Hip-hop was a black thing, and skateboarding was a white thing, says one of the characters in All the Streets Are Silent... Where else could these two separate worlds connect but New York? Jeremy Elkin recalls how it happened at the turn of the 1980s and 1990s - during the golden age when Jay-Z, Nas and Busta Rhymes debuted on the East Coast hip-hop scene, when the legendary Mars club was swinging, Larry Clark and Harmony Korine made Kids, and pro skaters started their own companies, such as Zoo York and Supreme. All the Streets Are Silent..., involving hip-hop stars and skateboard legends, is also a trip toward innocence, when street culture was truly wild, independent and refreshing. The rebels of that time have long since become part of the mainstream million-dollar world. Supreme, a brand that started out in a Lower Manhattan store (where Larry Clark found the young protagonists shown in Kids) - was valued at $2.1 billion last year, and skateboarding has become an official Olympic sport.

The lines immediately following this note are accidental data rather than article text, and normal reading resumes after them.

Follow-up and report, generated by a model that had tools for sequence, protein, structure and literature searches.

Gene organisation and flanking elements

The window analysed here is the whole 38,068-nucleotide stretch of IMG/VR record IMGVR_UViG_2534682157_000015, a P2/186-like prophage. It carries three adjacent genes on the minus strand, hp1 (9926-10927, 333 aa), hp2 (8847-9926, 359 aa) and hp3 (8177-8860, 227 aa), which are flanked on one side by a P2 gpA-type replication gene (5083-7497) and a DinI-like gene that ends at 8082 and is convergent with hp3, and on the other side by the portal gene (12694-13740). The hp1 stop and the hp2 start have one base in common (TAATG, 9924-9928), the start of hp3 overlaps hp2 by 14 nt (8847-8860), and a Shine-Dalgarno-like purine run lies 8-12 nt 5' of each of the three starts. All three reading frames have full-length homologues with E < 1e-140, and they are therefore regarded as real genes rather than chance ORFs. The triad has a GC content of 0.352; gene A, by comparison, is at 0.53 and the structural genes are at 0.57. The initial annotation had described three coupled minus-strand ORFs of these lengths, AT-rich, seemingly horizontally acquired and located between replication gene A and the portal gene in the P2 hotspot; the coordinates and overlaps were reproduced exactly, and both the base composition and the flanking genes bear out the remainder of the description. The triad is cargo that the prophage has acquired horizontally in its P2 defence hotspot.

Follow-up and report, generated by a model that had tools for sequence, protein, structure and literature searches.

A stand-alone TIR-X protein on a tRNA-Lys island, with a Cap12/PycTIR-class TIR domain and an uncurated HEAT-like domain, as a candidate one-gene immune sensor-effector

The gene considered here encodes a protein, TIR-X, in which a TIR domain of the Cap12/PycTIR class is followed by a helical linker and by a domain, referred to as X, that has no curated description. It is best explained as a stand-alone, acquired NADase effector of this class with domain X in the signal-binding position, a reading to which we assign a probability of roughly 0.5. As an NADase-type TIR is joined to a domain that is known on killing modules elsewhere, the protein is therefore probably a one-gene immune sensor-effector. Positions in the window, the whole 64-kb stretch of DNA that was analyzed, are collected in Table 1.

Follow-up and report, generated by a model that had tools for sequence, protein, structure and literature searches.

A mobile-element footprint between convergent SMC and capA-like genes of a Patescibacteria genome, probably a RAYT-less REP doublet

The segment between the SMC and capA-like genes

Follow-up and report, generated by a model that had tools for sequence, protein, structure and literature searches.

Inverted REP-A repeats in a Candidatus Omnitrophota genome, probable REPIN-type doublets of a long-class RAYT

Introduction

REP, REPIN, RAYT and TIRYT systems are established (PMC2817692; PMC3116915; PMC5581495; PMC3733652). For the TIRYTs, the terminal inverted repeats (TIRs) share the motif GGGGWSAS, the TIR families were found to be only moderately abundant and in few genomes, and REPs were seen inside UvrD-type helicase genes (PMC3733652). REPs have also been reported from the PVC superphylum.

Audience award nominated film. Please pick up a voting card on entering the screening and tear in a place marking your opinion and throw it into an assigned box after the screening (cards and boxes will be available at the theaters). The filmmakers have a chance of winning $5,000 sponsored by BNY Mellon, Poland.
Jeremy Elkin is a director, screenwriter, cinematographer, and documentary filmmaker. He was born in Montreal and made his first amateur skateboarding films there. He currently lives and works in New York. His full-length debut, All the Streets Are Silent... premiered at the Tribeca Festival.
2015 Call Me Caitlyn (doc. short)
2019 JR: The Chronicles of New York City (doc. short)
2021 Spokój na ulicach: synergia hip-hopu i deskorolki (1987-97) / All the Streets Are Silent: The Convergence of Hip Hop and Skateboarding (1987-1997) (doc.)